The writers prepare for departure.

Books, On the Run

Too Early to Relax

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Crime writers Sulari Gentill, Robert Gott, Jock Serong and Emma Viskic have begun their US tour, On The Run: Australian Crime Writers In America, and have promised a daily update of proceedings.

In this second instalment SULARI GENTILL, the writer behind the Rowland Sinclair Mysteries, explains that the trip’s unsettlingly straightforward beginning has her on edge.

*

We are somewhere between the stars and the Pacific Ocean. I occupy a window seat that looks out upon the wing of the great contraption that keeps us here, as we fly against the rotation of the earth.

Robert Gott sits in the aisle seat to my left, writing long-hand with what I expect is perfect grammar and exquisite punctuation. I can tell because he looks a little smug as he writes.

Robert Gott at work.

There’s a spare seat between us, which we are using to pile up all the flotsam of travel—pillows, blankets, reading material. Jock Serong is across the aisle watching an in-flight movie with rapt attention, and Emma Viskic is a couple of rows forward in her own window-seat.

The first meal is done with and we have settled in for the long haul from Melbourne to LA, where we will go through American customs before catching another flight to New York.

And so we are on our way, and I find myself both profoundly relieved and vaguely troubled.  Both reactions, I suspect, have a common cause.

Now should you be tempted to infer that the cause is some need to flee the Antipodes, allow me to assure you that it is not the case. We have always confined our murders to the page. There are no outstanding warrants, or vengeful nemeses to avoid. We were granted permission to enter Trump’s America with barely a murmur.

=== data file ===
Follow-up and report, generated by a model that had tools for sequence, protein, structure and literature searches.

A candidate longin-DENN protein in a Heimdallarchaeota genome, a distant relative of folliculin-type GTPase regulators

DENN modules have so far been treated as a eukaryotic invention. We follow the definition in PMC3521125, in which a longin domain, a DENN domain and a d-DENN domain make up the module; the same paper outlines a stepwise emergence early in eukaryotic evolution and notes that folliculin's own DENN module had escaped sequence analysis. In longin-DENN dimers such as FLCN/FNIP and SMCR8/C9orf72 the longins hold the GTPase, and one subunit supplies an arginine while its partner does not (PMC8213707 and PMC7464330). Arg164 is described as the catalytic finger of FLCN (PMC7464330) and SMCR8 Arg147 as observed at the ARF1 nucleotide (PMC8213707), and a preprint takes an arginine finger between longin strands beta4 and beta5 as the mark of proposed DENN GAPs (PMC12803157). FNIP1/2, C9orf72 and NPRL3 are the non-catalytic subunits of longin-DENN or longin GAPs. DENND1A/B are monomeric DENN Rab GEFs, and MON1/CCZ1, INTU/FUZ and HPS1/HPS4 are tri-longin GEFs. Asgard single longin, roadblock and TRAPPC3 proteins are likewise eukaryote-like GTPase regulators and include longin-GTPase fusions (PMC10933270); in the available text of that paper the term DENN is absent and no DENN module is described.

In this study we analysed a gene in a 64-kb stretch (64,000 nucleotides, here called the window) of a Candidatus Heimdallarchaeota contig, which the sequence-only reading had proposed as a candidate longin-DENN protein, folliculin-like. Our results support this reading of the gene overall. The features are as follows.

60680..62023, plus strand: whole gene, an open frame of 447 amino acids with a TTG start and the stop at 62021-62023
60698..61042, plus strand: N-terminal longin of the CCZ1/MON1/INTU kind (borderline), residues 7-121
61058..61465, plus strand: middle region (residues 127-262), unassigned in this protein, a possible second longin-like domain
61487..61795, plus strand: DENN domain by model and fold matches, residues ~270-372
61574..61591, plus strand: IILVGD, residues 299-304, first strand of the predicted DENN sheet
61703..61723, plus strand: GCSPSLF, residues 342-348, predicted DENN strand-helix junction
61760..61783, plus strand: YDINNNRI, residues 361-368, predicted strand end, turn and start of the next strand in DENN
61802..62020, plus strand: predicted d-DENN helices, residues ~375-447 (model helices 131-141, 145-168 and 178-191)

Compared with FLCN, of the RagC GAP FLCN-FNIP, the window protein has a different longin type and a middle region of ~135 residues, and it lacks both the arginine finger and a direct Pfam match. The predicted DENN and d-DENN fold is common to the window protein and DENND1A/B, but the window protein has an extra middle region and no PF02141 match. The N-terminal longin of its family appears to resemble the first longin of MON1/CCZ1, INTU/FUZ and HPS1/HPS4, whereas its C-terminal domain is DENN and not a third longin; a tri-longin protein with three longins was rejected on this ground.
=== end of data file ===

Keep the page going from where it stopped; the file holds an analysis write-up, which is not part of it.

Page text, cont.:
Now should you be tempted to infer that the cause is some need to flee the Antipodes, allow me to assure you that it is not the case. We have always confined our murders to the page.

Rather, it is the knowledge of who we are—what we are—that gives me cause to celebrate that we appear to have achieved a level of organisation that is counter to our very natures. Writers are not the sort of people one would normally trust with the forms and details of an international tour. After all, we spend our lives making things up. We are unashamed fantasists, purveyors of illusion, whose place in this profession was earned through an ability and determination to leave out the boring bits.

And yet, somehow four writers all managed to obtain the necessary paperwork and board a plane without disaster. We each arrived well before the check-in counter opened. Nobody slept in, or allowed their passport to expire. Nobody broke a bone or got sick or was arrested. Our luggage was well within weight limits. We have an itinerary and accommodation.  We even have American money. We’ve packed clothes and toothbrushes, all essential medication, including coffee. And we’re on the plane and it’s in the air. Thus far it has all been remarkably smooth.

And somewhat unsettling.

As I said, we’re relieved, but it is, to be perfectly honest, not what we’re used to. We’re crime writers—we deal in mayhem: the missed flight, the criminal past, the stolen passport. Our trade is in what goes wrong—we’re exceptionally good at conjuring trouble. While Rowland Sinclair has travelled abroad many times, I don’t recall him ever apply for a visa or packing extra socks. He has, however, crossed the odd border with Nazis in pursuit.

And so, this gentle beginning to our expedition to America has me on edge. Surely this sense of relief is too soon—a classic misdirection, a set-up for a cruel twist. One can’t help feeling the body’s going to turn up any moment now.

For part one of this series, click here.

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